Boston: The State House, Freedom Trail and Sandwiches

The next leg of our journey saw us boarding a U.S. Airways flight to Boston, Massachusetts. We left D.C. in warm sunshine, and landed in a snowy cold Boston...ahh America! By the time we got to our accommodation it was late afternoon so we spent a couple of hours exploring the city & eating cupcakes in (the currently closed) Crumbs Bake Shop.
That night we ate at a great little Italian called Giacamo's, where the food was good and the service was surly in that great Italian American manner. If you're ever in Boston I highly recommend eating there! It's a quaint little place with no reservations so a queue does form quite quickly, luckily we got there at just the right time.
After a good nights sleep with bellies full of delicious Italian food we headed out the next morning and made a beeline for the Massachusetts State House - the home of the Massachusetts General Court & the offices of the Governor of Massachusetts, which from 2003-2007 was Mitt Romney (the man that lost to Obama in the 2012 Presidential Election).
After a quick walk around the State House we set off on The Freedom Trail - a 2.5mile (mostly red brick) path through downtown Boston. The trail leads to 16 significant historic sites in total but a combination of cold, hunger and possibly leaving later than planned (ahem) meant we only covered a very small part of it.

To start we set off towards the Old Granary Burial Ground, which is Boston's third oldest cemetery (founded in 1660) and is the final resting place of many notable American's, including three signers of the Declaration of Independence - John Hancock, Samuel Adams and Robert Treat Paine.
The cemetery is also where Mary Goose is buried, whom locals believe was the real life Mother Goose. It is believed she lived in Boston in the 1660s and used to sing songs to her grandchildren which were then printed by her son-in-law, although there is evidence to the contrary.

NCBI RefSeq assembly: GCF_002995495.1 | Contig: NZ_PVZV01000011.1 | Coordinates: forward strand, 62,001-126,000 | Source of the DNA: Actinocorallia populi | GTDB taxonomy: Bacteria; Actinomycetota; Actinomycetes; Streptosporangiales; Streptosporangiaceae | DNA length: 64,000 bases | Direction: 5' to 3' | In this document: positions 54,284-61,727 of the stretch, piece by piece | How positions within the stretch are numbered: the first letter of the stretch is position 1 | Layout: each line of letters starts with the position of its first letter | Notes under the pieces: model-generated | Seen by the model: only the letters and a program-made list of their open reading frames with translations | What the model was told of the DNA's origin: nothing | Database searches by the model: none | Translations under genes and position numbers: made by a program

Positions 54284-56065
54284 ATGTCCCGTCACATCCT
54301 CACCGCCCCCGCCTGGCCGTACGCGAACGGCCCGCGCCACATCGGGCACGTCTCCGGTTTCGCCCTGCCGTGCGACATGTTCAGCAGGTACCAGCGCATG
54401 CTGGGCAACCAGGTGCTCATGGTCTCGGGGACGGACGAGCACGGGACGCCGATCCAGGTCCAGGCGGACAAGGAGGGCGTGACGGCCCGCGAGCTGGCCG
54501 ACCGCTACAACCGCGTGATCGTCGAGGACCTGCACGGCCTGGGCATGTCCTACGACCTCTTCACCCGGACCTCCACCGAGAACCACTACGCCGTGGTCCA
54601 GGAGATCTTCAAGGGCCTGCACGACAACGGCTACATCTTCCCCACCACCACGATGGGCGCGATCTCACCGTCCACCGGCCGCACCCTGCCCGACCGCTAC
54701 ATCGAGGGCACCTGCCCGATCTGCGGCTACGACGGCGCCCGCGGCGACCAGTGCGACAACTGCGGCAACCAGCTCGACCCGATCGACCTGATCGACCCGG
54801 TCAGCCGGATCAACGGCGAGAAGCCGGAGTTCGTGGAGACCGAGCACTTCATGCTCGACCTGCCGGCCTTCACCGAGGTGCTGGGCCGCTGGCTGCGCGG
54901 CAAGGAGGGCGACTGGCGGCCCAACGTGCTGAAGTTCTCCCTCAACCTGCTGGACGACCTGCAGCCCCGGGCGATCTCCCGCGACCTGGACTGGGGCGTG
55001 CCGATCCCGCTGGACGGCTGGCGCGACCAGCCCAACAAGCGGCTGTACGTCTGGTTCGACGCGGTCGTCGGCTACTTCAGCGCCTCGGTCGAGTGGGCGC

After a walk around the cemetery, listening in on one of the guided tours (the guides dress in period clothing, by the way), we headed to Sam LaGrassa's for a well deserved late lunch. And oh my, were those sandwiches worthy of the title "World's No. 1 Sandwiches". If you're ever in Boston - go!

Next we spent some time (possibly too much time, if there is such a thing) browsing the shelves of Brattle Book Shop, one of America's largest and oldest secondhand book shops. I picked out a great pile of books but sadly Andrew told me I could only have 2, something about excess baggage costs, and so I begrudgingly left the rest behind... (The yellow one with a dog on the front is a beautifully illustrated book of Lassie Come Home from 1940. It's probably the loveliest book I own.)
While in Boston we also discovered the wonders of Davids Tea where we sampled a couple of different flavours - they have over 150 to choose from! - and may have bought some additions for our tea cupboard... I liked the Coconut Oolong the best!

Above is a picture of the Old State House, another historic site on the Freedom Trail and one of Boston's oldest surviving public buildings. It was built in 1713 and until 1798 was the seat of the Massachusetts General Court. At the top of its facade are statues of a lion & unicorn, symbols of the British monarchy. The originals were removed & burned in 1776 following the proclamation of the Declaration of Independence, but in 1882 these were replaced with replicas.
After a quick visit to Quincy Hall we walked back via the beautifully calm Boston Waterboat Marina while fresh snow began to fall. It would have been impossible not to fall a little bit in love with Boston.

Coming up next: a day in Cambridge, MA for a walk around Harvard*!

*(pahk the cah(r) in Hahvuhd Yahd)

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